Don’t tell Robin Church Wolf that the only time homeowners run into trouble with the Historic Preservation Commission is when approval is sought after the fact.
Church Wolf, who is treasurer of the Preservation Alliance of Evansville, a not-for-profit group dedicated to historic preservation, thought she was doing everything right when she and her husband, Michael, moved into their home at Southeast First and Mulberry streets in March 1998.
The first year was spent upgrading the wiring, plumbing, heating and air conditioning, patching minor leaks, and doing interior cosmetic work. None of that had to be approved by the Preservation Commission, which has no jurisdiction over interior work.
By the end of their first year in the home, built in 1869, Robin, a special education assistant at Glenwood School, and Michael, a golf pro, were able to lease the second floor as an apartment for visiting executives. Soon they had saved enough money to replace a front porch that had been removed more than 50 years earlier. For the porch, they needed a Certificate of Appropriate-ness from the Preservation Commission.
“We had heard rumors from various downtown people that going before the Commission could be a horrendous experience. We didn’t want to do anything inappropriate,” said Church Wolf, who had a photograph of their home and its porch as it appeared in an Evansville newspaper on Feb. 4, 1906. When the Wolfs took their proposal to the Preservation Commission in early 1999, they thought they had filled every requirement. They had the photograph taken in 1906, a blueprint of the proposed porch by a respected local preservation construction company, and what they thought might be the original porch posts and brackets in their cellar.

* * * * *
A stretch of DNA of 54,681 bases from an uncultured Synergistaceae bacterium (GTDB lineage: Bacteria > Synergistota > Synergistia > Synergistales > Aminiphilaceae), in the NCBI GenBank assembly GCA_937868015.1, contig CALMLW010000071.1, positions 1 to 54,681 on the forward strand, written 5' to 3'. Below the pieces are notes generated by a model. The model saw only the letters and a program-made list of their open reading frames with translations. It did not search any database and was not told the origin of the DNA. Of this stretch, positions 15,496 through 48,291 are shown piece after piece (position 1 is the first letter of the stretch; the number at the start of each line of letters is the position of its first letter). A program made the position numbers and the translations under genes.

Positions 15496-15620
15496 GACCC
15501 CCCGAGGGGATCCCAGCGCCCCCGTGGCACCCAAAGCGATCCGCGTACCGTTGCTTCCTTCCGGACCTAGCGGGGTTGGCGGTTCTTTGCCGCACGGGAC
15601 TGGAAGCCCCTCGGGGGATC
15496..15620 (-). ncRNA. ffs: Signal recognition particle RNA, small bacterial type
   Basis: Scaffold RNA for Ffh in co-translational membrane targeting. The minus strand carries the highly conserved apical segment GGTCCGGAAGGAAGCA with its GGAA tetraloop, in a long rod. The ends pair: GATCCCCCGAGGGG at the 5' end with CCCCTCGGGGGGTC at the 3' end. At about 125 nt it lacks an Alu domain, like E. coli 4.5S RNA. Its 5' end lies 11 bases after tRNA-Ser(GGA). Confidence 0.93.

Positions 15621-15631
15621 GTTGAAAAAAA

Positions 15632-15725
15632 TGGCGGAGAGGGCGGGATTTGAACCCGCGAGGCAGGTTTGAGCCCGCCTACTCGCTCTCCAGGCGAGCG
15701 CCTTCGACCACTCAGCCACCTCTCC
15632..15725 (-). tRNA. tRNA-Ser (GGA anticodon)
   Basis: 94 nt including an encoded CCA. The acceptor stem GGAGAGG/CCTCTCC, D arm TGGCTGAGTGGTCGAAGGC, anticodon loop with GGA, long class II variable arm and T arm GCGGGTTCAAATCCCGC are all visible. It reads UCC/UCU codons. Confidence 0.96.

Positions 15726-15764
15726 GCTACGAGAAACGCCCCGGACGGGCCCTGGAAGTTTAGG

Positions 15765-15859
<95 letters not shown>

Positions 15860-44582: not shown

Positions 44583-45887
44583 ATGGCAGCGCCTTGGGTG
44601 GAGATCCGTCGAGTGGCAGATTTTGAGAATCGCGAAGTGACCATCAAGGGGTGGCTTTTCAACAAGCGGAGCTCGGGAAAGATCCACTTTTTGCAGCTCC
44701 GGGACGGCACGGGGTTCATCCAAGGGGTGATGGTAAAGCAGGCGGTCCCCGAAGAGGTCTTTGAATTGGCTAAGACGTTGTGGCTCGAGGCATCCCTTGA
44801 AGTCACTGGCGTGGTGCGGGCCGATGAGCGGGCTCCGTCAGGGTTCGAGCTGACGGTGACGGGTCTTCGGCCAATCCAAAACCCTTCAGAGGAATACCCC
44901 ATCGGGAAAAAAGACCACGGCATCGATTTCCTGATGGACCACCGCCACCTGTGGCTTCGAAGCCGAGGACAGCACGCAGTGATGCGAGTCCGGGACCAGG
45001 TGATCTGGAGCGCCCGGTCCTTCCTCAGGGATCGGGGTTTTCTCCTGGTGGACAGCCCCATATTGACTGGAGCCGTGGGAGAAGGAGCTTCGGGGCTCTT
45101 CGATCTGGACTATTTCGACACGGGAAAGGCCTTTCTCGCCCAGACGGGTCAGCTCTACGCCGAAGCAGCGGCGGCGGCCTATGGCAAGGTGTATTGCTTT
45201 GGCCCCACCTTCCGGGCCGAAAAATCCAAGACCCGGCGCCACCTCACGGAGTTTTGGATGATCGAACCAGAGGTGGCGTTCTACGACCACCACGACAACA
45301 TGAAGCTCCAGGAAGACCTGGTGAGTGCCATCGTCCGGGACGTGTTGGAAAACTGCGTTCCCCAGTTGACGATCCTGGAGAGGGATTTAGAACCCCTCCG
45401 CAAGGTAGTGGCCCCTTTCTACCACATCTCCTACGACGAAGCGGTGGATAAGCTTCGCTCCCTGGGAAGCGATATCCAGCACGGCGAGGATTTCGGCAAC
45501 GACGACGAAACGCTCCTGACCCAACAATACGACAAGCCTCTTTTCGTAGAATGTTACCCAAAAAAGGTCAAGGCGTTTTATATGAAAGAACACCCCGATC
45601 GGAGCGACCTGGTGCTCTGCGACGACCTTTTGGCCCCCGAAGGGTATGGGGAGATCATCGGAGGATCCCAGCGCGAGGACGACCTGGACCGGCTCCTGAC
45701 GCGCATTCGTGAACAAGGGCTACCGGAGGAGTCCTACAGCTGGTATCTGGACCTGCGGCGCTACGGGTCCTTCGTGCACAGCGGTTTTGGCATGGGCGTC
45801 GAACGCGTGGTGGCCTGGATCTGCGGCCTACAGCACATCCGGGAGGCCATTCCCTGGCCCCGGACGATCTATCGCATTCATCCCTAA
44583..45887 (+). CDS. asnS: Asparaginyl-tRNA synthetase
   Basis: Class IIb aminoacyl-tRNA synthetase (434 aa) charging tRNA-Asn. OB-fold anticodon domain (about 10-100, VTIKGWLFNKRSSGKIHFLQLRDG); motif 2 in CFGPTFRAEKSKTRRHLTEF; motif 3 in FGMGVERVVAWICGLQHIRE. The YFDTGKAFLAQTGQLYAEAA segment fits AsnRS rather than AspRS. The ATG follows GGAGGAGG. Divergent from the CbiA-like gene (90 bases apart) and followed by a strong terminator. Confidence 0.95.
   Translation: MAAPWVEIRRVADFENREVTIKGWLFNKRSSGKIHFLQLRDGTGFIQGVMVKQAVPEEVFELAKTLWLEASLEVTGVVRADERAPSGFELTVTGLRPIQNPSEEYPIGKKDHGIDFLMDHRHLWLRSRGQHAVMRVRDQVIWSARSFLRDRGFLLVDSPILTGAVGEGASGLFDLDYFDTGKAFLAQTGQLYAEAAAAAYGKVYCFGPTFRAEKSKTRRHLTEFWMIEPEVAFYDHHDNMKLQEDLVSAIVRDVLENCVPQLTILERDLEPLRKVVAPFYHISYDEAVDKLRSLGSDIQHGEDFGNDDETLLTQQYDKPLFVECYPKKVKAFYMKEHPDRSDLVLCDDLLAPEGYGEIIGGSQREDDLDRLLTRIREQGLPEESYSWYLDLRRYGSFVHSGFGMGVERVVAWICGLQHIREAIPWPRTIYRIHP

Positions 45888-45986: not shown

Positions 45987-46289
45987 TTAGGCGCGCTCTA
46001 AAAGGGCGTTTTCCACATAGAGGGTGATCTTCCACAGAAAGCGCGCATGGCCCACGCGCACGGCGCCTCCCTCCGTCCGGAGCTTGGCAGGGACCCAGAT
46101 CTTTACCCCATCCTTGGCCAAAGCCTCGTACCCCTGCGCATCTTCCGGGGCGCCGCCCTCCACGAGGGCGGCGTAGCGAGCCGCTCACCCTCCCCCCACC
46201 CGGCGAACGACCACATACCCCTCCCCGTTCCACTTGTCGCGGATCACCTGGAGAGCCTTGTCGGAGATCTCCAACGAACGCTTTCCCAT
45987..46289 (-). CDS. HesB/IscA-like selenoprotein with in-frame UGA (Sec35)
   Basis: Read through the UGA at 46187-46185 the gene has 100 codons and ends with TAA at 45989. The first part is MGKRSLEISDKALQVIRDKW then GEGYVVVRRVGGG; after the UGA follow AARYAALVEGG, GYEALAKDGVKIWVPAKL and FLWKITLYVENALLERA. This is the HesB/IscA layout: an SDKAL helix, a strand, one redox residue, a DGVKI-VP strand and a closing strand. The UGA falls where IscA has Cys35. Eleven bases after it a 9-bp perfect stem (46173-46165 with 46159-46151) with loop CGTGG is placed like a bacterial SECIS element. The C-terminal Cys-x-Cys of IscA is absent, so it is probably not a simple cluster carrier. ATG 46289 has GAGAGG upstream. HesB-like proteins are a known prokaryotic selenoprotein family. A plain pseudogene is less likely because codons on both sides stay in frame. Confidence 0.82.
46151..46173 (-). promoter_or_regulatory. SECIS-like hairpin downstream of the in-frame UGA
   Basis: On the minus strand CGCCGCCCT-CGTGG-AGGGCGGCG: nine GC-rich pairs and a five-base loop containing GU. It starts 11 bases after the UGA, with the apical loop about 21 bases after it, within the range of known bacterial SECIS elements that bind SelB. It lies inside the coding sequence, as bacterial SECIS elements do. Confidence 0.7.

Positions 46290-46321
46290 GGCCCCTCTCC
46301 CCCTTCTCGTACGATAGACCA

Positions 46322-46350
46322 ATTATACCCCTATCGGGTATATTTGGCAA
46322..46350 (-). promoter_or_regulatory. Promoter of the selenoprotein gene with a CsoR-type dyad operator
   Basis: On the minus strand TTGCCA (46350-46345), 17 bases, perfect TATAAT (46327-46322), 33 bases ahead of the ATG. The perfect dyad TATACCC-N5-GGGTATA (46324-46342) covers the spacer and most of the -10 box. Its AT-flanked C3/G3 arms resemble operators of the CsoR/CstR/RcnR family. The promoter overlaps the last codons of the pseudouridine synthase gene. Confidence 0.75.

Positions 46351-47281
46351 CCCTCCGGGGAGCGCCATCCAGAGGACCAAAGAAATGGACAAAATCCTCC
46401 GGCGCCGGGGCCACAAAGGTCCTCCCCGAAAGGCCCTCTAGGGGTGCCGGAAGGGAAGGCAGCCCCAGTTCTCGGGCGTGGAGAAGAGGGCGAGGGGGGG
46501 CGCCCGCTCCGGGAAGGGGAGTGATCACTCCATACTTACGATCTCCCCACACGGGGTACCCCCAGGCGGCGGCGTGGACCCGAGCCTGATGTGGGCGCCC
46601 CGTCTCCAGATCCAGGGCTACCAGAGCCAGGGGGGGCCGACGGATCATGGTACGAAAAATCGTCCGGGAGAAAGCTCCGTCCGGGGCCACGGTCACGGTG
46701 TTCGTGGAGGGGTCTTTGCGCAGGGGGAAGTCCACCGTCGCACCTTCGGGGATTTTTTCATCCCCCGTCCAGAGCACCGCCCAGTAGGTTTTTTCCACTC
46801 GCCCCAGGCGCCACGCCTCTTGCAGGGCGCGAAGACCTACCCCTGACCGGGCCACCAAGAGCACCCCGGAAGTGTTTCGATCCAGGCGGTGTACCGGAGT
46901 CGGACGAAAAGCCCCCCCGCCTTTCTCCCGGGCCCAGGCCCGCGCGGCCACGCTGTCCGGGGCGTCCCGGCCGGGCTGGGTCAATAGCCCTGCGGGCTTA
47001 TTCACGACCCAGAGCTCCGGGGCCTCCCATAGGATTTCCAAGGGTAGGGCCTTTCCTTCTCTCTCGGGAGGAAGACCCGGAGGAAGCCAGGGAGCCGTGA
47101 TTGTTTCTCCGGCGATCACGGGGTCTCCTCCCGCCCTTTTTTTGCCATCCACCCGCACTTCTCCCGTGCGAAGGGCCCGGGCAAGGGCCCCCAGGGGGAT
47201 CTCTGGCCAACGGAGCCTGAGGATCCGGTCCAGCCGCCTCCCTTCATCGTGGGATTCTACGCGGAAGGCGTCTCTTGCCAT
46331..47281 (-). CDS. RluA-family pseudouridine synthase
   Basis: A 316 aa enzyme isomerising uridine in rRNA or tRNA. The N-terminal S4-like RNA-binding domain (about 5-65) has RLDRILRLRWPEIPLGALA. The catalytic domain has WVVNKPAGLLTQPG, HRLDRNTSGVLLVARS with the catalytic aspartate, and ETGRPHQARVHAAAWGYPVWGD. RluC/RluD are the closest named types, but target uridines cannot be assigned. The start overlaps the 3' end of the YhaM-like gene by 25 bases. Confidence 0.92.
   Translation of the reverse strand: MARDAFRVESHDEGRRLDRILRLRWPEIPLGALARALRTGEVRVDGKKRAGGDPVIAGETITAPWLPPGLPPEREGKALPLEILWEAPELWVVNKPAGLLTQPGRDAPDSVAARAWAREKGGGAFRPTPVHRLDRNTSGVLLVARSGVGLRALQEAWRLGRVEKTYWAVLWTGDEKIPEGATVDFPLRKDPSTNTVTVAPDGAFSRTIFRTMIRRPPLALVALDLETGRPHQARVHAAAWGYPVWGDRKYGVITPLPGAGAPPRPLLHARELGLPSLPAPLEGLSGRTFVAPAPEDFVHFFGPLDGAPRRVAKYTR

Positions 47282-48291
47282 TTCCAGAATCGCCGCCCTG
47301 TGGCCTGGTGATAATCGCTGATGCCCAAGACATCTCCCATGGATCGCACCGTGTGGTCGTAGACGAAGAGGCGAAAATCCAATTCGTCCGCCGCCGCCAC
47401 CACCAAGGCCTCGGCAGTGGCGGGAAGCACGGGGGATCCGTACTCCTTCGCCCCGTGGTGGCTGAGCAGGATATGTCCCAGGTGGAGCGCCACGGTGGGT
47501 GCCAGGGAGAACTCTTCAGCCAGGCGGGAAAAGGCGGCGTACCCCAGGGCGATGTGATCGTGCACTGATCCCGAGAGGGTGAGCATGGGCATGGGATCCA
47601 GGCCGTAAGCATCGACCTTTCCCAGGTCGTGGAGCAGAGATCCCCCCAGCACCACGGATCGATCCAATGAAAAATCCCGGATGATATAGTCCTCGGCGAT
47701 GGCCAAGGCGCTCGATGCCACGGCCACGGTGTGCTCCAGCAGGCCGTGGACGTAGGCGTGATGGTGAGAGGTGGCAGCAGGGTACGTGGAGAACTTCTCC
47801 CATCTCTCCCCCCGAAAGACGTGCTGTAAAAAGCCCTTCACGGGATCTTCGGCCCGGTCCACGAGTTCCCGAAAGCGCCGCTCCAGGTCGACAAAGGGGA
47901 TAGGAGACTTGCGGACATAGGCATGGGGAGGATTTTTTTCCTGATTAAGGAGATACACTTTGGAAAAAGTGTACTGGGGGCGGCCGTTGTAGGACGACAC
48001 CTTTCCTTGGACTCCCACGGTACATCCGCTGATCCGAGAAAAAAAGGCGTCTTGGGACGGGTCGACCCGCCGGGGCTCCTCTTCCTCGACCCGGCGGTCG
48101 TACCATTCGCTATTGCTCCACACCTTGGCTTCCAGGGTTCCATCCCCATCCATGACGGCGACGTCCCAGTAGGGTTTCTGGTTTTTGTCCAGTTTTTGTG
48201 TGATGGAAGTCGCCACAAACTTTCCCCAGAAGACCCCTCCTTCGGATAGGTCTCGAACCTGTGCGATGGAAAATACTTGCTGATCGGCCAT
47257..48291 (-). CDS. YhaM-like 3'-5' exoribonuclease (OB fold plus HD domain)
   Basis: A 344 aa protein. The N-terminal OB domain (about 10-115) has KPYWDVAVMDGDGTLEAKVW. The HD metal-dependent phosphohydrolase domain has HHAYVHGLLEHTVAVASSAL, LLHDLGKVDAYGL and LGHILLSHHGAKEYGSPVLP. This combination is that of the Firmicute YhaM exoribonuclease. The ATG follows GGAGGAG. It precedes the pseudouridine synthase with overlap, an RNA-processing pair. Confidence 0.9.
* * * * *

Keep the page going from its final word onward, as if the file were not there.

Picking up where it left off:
“Everyone was very friendly and encouraging, with the exception of Tim Crowley who grilled us on every teeny detail in great degree,” Church Wolf said. When she told the commissioners she had discovered old porch posts and brackets that looked like those in the newspaper photo in her cellar, Crowley expressed doubt that they were from the original porch. He said he could not agree to approve the porch until an expert had inspected the posts.
City Preservation Officer Dennis Au and then-Commission member Rick Tremont volunteered to look at the posts. They did so the following day and pronounced the posts “fine, more than fine.”
“So we ended up getting the porch built, but I understood why people warned us about the meetings. You feel as if you’re at an inquisition, as if you are being interrogated for a crime,” Church Wolf said.
The Wolfs’ second encounter with the Preservation Commission didn’t end as happily. A month or two after the porch incident, a small house at 512 S.E. Second St. was put up for sale. The couple had done so well leasing their second floor that they decided to purchase the little house to fix up as rental property. They had the house inspected and learned that the more-than-a-century-old slate roof had major leakage.